Propofol and barbiturate depression of spinal nociceptive neurotransmission. Academic Article uri icon


  • Barbiturates are often described as non-analgesic or even hyperalgesic agents; the newer intravenous anesthetic agent propofol is said to be non-analgesic. Both propofol and barbiturates occupy sites on the GABAA receptor. The present study was designed to compare the effects of propofol and barbiturates on nociceptiverelated neurotransmission in neonatal rat spinal cord; to search for actions that might be hyperalgesic; and to determine the extent to which propofol depression of nociceptive neurotransmission is mediated by GABAA receptors. The monosynaptic reflex, a slow ventral root potential (slow VRP) and the dorsal root potential (DRP) were recorded from isolated neonatal (1–5 days old) superfused rat spinal cords in response to electrical stimulation of a lumbar dorsal root. The slow VRP and the DRP are related to nociception. Propofol (0.5–10 µM), pentobarbital (1–10 µM), and thiopental (1–10 µM) reversibly depressed the slow VRP. Dose-response curves were monophasic and linear over this range. The monosynaptic reflex was unaffected. The GABAA aganist muscimol (0.2–1 µM) also depressed the slow VRP. Propofol and barbiturate slow VRP depression was antagonized by the GABAA antagonist bicuculline (1 µM). Propofol depressed the response evoked by direct application of substance P. The DRP is a GABAA-mediated depolarization of primary afferent nerve terminals that diminishes the effectiveness of nociceptive input. Propofol and thiopental increased electrically evoked DRP amplitude and increased the DRP evoked by application of muscimol. Both propofol and barbiturates thus depressed the nociceptive-related slow VRP and enhanced the antinociceptive DRP; their effective concentrations are at or close to the general anesthetic range for these agents. No anti-analgesic or hyperalgesic effect was observed. Propofol and barbiturate actions could be accounted for at least in part by enhancement of transmission through channels linked to GABAA receptors. The results are in accord with recent evidence that both types of agent exert analgesic effects at the spinal level. However, the overlap between antinociceptive and general anesthetic concentration ranges may contribute to the perception that these agents are “non-analgesic” when administered systemically.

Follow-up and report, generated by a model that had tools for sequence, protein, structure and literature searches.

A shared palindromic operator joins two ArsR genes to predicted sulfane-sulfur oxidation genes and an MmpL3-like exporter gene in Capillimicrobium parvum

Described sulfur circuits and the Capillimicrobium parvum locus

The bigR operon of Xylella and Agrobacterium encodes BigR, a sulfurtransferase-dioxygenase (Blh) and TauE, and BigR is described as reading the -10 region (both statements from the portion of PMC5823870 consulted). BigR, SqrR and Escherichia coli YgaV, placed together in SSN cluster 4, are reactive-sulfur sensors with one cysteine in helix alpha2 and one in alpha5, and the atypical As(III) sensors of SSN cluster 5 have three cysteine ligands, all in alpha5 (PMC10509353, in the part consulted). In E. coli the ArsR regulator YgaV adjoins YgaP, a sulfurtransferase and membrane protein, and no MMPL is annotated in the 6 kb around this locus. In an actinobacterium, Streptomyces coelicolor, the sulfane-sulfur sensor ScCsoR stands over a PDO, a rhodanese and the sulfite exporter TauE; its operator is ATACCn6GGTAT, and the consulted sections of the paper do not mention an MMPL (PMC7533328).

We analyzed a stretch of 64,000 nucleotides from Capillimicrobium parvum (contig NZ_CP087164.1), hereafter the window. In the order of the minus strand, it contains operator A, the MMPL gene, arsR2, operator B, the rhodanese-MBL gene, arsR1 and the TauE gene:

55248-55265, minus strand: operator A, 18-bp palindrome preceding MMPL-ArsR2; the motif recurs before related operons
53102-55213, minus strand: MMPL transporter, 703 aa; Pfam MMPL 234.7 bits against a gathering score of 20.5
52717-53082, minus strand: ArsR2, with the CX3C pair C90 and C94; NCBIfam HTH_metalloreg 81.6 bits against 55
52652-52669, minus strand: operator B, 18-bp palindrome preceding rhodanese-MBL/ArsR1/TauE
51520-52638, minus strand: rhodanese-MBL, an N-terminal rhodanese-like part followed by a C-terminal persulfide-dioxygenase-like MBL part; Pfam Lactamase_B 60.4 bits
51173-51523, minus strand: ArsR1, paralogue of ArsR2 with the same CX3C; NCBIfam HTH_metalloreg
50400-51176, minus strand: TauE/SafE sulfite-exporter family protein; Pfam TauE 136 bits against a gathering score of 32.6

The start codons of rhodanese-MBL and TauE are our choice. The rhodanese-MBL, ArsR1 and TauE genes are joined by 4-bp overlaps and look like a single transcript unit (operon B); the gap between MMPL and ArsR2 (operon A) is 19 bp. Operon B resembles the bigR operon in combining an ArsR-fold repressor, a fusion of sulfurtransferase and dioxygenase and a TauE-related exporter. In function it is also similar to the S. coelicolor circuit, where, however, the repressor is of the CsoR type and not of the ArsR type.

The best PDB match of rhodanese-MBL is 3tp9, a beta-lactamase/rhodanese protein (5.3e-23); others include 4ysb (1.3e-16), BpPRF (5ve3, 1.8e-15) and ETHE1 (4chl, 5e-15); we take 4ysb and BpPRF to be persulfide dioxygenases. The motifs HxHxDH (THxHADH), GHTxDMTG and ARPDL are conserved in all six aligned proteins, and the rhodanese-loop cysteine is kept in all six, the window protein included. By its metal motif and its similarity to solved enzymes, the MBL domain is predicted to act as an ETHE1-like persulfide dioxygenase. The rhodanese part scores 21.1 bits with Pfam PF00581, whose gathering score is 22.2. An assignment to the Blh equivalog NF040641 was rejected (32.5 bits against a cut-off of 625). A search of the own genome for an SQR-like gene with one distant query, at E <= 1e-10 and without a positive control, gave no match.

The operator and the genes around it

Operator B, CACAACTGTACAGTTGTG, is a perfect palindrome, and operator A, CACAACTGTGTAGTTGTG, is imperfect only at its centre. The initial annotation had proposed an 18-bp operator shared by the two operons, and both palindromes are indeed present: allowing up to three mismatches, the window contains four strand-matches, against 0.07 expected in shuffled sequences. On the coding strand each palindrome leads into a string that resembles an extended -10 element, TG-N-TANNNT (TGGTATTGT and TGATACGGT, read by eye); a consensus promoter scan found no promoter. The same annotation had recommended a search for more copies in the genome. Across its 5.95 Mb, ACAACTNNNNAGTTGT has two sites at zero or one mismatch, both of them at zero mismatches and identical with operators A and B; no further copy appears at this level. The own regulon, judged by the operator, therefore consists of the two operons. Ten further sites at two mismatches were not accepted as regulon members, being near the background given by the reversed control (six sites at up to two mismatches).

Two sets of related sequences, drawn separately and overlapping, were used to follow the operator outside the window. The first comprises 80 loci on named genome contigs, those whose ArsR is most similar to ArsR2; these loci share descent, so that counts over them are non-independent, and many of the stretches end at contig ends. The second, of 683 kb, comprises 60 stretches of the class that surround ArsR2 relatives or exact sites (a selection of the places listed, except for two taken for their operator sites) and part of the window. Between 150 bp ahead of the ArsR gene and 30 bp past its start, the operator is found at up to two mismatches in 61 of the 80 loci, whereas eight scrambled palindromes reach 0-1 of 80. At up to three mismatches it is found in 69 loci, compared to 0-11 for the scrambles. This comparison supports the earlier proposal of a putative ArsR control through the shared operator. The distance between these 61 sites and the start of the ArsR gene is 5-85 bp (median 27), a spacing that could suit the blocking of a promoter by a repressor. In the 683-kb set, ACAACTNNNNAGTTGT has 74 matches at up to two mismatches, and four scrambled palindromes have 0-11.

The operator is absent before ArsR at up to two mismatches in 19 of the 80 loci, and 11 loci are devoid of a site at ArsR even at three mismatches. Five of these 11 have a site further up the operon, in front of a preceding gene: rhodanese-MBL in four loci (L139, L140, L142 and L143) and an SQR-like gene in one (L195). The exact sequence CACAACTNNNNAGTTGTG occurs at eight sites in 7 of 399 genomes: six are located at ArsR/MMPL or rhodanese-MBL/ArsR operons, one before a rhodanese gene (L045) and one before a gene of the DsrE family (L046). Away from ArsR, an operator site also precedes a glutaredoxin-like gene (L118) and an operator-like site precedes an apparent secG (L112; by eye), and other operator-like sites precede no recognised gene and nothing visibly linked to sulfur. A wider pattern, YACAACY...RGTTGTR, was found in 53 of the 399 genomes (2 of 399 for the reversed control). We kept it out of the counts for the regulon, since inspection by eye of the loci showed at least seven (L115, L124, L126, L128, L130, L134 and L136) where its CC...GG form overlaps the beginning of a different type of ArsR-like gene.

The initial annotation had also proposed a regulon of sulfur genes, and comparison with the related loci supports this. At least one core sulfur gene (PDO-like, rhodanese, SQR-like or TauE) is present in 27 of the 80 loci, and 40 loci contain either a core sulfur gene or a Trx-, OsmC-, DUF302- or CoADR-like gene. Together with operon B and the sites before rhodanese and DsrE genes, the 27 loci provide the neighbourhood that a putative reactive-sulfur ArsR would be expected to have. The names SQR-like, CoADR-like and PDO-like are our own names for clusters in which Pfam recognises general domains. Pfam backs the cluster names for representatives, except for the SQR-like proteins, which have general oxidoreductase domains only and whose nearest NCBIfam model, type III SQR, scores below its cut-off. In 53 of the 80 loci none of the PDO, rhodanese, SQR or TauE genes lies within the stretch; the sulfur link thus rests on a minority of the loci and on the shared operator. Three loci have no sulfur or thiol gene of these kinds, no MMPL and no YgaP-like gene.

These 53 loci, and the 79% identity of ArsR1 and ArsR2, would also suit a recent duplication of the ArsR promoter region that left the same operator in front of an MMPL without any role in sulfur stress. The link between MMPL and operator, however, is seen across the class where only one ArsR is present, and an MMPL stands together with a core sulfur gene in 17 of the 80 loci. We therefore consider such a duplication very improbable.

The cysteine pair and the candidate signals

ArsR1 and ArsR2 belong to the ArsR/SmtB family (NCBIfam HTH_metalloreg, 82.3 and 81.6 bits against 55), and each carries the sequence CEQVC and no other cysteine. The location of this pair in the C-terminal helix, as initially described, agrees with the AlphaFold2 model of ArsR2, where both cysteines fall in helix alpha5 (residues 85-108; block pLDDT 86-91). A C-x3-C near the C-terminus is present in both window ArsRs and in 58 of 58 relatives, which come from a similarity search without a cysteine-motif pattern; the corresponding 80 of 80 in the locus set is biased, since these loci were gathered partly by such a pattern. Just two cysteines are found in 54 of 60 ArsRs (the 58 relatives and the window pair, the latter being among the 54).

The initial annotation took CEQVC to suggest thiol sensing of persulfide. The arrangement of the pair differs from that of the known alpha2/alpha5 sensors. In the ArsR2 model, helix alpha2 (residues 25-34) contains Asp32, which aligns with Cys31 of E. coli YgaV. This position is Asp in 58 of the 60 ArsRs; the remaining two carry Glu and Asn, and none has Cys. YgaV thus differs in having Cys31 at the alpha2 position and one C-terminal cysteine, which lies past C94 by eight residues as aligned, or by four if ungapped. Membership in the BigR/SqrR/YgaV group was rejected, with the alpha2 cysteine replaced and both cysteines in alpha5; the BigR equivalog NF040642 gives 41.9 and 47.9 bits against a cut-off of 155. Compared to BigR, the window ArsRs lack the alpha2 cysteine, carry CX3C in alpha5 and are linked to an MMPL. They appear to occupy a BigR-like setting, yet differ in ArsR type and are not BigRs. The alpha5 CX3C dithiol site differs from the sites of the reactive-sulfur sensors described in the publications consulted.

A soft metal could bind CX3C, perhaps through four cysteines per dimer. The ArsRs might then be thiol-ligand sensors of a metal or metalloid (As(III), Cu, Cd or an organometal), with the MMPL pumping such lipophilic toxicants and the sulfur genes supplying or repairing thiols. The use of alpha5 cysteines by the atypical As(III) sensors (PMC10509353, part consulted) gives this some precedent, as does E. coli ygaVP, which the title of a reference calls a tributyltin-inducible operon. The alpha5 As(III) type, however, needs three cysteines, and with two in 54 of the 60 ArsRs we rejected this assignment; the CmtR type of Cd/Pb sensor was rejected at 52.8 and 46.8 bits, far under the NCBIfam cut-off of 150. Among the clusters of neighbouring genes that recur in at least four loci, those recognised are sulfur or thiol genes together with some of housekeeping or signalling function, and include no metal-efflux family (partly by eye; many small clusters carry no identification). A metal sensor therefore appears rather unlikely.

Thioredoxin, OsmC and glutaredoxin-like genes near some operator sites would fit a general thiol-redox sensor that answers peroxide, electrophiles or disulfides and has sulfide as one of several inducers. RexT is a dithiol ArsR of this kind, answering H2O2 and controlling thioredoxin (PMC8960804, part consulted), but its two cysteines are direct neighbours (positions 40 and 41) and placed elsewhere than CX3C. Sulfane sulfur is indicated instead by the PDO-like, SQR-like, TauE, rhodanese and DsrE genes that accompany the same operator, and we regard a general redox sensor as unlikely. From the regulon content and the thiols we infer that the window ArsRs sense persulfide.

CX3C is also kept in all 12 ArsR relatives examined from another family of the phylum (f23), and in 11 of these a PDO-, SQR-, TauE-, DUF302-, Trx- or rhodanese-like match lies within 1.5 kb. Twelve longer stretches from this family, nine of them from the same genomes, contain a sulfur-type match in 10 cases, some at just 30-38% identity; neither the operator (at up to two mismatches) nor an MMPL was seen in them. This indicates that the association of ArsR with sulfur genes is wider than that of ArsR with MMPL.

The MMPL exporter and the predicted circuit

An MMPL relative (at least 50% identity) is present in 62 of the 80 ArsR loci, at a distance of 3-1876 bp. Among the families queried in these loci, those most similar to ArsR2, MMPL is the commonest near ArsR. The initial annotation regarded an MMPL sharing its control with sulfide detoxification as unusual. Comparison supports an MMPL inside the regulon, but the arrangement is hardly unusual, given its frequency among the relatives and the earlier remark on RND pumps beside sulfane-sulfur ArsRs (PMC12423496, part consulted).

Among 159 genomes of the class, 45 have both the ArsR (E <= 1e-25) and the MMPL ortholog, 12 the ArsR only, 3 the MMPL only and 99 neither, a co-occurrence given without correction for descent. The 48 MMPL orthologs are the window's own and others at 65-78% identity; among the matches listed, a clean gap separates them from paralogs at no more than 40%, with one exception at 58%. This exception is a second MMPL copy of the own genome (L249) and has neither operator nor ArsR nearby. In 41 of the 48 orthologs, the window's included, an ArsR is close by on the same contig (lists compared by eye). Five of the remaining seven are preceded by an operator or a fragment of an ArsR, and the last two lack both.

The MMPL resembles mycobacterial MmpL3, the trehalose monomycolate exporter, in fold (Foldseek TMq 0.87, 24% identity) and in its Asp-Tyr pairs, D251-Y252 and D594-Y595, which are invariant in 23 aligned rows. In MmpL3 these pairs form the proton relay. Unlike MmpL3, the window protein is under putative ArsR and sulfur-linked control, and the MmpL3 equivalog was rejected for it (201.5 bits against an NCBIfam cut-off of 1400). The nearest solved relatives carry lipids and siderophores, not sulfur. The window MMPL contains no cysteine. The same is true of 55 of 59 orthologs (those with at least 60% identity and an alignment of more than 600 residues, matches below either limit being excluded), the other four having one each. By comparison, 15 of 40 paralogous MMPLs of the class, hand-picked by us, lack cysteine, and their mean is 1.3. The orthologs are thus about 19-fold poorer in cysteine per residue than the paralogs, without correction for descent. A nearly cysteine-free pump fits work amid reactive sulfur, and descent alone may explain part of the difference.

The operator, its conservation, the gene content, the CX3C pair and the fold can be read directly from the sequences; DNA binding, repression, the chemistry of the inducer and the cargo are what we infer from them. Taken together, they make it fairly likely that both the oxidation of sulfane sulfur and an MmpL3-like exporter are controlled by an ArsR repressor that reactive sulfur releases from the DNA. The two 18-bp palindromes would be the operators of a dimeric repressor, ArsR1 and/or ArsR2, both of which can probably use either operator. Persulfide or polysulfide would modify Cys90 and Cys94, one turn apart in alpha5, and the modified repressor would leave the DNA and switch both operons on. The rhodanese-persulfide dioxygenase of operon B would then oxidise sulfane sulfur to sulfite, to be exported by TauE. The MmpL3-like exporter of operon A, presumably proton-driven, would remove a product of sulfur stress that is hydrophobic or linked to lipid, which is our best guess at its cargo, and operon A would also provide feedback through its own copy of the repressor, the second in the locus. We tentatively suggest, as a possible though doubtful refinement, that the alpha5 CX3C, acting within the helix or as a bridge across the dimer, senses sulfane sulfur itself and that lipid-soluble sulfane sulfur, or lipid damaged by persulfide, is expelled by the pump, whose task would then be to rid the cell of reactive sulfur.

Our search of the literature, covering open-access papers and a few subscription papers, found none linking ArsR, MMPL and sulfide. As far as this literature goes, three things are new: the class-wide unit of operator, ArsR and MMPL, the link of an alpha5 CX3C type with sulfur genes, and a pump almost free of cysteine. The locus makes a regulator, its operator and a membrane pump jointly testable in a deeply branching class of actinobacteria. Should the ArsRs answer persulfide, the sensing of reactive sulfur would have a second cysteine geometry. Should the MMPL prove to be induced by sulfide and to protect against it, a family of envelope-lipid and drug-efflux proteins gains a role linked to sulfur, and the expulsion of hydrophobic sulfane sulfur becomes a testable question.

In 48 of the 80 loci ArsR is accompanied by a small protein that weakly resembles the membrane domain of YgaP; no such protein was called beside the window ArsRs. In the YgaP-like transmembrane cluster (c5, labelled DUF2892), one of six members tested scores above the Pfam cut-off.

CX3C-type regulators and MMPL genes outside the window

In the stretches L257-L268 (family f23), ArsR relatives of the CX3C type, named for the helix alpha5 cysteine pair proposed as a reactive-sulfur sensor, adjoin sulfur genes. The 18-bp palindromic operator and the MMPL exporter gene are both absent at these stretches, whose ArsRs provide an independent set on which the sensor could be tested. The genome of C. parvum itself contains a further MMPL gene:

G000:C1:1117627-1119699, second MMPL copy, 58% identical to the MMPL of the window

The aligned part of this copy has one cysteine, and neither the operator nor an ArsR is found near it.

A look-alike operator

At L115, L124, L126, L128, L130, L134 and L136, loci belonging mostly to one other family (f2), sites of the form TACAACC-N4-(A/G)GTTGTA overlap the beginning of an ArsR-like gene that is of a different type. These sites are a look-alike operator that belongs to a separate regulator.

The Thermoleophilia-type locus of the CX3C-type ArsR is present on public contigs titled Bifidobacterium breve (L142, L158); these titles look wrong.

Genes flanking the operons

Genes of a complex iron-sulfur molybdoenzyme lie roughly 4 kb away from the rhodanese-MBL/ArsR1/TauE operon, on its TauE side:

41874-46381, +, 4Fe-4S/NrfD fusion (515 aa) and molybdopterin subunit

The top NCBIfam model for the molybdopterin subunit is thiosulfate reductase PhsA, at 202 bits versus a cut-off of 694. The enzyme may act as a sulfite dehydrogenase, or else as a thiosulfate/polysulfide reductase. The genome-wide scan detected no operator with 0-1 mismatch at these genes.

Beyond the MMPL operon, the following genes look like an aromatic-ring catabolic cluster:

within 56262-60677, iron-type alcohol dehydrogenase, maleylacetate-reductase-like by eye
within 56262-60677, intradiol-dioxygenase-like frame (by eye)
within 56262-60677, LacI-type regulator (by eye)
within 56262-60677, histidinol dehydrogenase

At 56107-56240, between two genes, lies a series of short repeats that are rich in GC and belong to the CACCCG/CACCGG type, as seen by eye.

publication date

  • January 1, 1992